• 8‐ to 12‐week‐old adult mice (C57Bl/6 strain used; other strains and ages not tested)
  • Dulbecco's phosphate‐buffered saline (DPBS; Invitrogen, cat. no. 14190)
  • EPDC culture medium (see recipe) supplemented with 100 ng/ml thymosin β4 (see recipe)
  • Tissue culture dishes or plates of desired size for culture (Table 2.2.1) and (optionally) glass coverslips of the appropriate size (also in Table 2.2.1)
  • Forceps (0.5‐mm approximate tip size), sterile
  • Dissection scissors, sterile
  • Sterile 60‐ or 100‐mm culture/bacteriological dish (not gelatin coated) for dissection
  • Scalpel blade
  • Humidified 37°C, 5% CO 2 incubator
    Table 2.0.1   MaterialsRecommended Parameters for EPDC Culture in Various Plate Formats

    TC plate format Culture volume (ml) a Coverslip size (mm) Amount tissue/well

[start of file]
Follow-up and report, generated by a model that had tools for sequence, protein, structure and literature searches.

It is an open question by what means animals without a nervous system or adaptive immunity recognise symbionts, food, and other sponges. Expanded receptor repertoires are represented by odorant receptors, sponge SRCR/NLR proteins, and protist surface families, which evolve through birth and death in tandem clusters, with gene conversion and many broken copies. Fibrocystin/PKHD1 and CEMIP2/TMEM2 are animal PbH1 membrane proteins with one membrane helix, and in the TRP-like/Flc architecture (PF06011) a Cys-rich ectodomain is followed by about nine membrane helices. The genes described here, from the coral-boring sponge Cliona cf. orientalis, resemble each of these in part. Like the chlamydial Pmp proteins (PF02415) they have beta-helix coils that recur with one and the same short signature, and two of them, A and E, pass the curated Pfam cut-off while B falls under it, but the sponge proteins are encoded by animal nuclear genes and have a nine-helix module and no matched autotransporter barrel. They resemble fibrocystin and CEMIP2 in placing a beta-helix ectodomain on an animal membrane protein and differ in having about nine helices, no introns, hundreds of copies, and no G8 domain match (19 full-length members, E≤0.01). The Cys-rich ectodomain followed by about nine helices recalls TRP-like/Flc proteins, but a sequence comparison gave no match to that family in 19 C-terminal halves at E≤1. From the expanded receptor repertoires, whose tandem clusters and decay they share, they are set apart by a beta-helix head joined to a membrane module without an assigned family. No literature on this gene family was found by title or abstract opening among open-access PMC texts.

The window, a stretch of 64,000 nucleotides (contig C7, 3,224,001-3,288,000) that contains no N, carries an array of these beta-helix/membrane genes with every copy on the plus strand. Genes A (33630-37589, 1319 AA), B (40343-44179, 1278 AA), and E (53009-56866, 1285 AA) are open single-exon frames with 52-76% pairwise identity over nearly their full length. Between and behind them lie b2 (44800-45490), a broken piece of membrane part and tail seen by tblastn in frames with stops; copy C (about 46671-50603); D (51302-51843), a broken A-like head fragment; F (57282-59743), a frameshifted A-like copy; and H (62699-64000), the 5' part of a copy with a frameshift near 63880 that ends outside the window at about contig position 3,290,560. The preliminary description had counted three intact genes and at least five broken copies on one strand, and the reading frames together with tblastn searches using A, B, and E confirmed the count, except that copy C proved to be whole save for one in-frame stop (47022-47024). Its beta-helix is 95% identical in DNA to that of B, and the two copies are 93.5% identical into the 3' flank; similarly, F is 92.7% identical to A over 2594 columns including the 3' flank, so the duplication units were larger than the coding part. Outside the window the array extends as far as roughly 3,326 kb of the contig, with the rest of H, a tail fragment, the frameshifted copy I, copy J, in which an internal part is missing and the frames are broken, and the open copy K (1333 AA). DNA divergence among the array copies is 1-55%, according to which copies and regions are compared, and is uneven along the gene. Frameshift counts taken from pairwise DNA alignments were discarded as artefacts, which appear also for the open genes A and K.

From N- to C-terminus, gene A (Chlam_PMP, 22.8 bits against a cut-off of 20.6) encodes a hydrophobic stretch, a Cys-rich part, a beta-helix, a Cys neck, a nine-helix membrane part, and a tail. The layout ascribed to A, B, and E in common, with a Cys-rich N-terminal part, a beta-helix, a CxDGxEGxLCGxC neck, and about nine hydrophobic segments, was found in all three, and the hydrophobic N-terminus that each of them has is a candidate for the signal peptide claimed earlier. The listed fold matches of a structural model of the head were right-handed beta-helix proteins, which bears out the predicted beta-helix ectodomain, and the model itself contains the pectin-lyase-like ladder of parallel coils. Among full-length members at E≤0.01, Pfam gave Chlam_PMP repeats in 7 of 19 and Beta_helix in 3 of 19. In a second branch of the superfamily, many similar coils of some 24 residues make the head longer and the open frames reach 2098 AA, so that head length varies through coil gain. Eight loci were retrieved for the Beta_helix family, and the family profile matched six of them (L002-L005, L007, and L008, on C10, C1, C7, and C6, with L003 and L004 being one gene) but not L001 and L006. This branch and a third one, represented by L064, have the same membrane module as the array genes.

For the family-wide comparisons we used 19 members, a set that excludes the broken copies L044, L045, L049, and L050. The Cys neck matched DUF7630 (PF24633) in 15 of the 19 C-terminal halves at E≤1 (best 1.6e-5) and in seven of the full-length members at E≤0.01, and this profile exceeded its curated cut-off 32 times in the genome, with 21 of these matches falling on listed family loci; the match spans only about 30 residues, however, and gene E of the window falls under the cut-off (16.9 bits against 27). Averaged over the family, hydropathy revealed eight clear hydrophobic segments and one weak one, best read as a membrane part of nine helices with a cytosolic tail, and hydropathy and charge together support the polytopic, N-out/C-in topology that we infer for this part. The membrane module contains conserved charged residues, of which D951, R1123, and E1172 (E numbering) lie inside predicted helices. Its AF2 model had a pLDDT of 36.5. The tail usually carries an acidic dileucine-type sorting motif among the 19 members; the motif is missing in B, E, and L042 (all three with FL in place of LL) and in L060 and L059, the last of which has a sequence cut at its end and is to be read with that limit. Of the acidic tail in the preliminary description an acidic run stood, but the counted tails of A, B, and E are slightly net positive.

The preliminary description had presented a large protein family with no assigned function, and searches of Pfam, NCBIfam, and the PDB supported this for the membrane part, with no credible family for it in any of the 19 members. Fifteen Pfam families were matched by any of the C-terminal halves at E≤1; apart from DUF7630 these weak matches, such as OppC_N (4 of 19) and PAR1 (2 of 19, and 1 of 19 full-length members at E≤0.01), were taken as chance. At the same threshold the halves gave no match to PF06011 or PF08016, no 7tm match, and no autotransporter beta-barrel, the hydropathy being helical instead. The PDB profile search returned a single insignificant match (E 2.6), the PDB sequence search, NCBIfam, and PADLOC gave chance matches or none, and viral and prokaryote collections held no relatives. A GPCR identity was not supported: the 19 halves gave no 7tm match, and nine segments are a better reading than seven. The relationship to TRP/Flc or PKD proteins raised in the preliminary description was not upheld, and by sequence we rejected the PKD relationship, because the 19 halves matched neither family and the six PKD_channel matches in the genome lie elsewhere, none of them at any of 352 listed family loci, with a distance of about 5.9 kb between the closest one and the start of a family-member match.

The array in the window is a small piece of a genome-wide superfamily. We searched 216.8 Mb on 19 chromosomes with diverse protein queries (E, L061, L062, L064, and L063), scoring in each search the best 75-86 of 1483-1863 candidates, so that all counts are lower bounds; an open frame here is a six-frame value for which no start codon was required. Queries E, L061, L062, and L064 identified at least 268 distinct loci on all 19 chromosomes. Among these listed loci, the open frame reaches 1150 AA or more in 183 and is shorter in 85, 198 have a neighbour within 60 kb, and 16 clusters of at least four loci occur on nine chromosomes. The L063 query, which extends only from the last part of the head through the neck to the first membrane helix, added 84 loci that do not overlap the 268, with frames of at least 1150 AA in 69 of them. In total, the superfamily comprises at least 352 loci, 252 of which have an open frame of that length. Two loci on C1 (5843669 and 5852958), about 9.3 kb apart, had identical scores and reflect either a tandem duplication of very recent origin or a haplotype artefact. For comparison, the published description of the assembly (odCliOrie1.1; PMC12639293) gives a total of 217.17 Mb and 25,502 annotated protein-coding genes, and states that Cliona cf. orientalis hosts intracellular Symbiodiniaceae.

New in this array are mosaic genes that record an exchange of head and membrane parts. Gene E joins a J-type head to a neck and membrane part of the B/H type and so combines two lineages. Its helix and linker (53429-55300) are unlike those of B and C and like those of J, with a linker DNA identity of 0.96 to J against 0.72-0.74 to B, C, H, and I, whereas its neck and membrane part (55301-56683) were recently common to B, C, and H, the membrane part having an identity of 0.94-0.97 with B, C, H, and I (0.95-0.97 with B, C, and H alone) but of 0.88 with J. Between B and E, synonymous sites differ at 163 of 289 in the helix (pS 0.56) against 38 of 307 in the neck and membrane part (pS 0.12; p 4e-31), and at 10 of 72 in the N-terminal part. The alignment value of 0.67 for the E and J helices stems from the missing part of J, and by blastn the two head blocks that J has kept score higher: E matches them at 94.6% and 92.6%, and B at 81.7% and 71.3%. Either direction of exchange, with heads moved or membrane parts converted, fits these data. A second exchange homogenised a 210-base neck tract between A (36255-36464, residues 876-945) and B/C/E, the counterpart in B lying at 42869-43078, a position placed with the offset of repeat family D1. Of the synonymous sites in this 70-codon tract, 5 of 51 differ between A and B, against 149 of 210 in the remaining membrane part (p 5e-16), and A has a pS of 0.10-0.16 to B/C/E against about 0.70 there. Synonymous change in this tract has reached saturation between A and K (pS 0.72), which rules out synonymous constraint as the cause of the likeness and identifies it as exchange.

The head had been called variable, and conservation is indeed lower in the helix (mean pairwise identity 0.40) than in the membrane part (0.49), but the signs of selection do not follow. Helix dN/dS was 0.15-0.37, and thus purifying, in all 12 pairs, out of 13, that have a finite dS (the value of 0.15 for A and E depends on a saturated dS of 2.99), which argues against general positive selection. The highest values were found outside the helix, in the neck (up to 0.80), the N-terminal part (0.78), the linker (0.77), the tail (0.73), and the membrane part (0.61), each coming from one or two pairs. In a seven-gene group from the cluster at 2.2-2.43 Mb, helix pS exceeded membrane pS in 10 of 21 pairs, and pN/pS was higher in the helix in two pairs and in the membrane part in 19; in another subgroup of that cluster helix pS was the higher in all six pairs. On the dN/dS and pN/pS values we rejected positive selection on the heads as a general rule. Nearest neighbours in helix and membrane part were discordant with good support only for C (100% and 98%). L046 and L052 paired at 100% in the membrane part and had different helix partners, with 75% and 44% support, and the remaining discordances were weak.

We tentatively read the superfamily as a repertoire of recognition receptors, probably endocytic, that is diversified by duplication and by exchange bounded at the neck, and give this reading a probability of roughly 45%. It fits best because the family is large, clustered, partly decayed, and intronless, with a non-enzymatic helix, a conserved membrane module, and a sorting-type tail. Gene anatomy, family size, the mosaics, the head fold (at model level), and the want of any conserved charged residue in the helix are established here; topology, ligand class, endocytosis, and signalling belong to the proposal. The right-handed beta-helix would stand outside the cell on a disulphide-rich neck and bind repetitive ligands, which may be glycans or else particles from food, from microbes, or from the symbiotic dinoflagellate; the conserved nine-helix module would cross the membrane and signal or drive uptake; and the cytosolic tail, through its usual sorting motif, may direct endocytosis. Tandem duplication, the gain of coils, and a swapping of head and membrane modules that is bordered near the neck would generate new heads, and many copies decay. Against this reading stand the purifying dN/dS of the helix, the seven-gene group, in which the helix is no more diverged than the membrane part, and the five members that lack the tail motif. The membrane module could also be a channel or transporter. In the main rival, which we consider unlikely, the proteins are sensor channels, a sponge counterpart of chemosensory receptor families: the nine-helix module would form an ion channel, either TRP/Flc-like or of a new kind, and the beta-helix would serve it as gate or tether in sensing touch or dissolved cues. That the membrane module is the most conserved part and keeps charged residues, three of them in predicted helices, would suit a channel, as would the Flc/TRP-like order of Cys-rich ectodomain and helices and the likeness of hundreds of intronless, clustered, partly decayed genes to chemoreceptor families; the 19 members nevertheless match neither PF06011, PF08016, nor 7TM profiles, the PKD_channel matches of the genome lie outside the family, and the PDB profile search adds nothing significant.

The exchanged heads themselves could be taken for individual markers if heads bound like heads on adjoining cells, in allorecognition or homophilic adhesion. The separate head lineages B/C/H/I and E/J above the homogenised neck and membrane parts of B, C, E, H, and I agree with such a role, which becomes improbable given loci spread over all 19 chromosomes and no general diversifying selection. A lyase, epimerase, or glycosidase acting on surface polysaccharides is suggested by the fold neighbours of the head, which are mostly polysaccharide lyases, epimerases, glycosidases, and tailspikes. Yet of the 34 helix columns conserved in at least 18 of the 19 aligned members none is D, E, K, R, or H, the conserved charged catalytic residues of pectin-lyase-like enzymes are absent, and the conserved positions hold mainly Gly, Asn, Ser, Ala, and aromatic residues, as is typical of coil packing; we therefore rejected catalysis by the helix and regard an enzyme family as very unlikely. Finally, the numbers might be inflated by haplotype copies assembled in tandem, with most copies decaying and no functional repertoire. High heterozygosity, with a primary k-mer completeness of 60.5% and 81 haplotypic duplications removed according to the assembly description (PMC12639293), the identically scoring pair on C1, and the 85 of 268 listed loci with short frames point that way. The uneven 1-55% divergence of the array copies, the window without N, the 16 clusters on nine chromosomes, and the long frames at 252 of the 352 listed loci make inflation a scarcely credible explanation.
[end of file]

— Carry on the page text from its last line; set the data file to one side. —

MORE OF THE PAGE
12‐well plate 0.8 13 1/8 heart
    6‐well plate 2.0 18 1/4 heart
    35‐mm dish 2.0 18 1/4 heart
    60‐mm dish 4.0 Not recommended 1/2 heart
    100‐mm dish 10.0 Not recommended 1 to 2 hearts

     aVolumes given apply to each well of multiwall plates.
  • Additional reagents and equipment for sacrifice of mice by cervical dislocation (Donovan and Brown, )

Support Protocol 1: Characterization of EPDC Phenotypes by Immunofluorescence

  Materials
  • Heart explants cultured on glass coverslips ( protocol 1)
  • 4% (w/v) paraformaldehyde in PBS (freshly prepared)
  • Phosphate‐buffered saline (PBS; prepared according to manufacturer's instructions from PBS tablets; Sigma, cat. no. P‐4417)
  • Blocking solution containing 0.1% (v/v) Triton X‐100
  • Blocking solution (see recipe)
  • Primary antibodies of choice (refer to Table 2.2.2)
  • Appropriate fluorochrome‐conjugated secondary antibody (against Ig of species in which primary antibody was raised)
  • 5 µg/ml Hoechst 33342 in PBS
  • Suitable commercially available mounting medium or 50% (v/v) glycerol in PBS
  • Microscope slides
  • Fluorescence microscope with appropriate filters for fluorochrome used
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Figures

Videos

Literature Cited

Literature Cited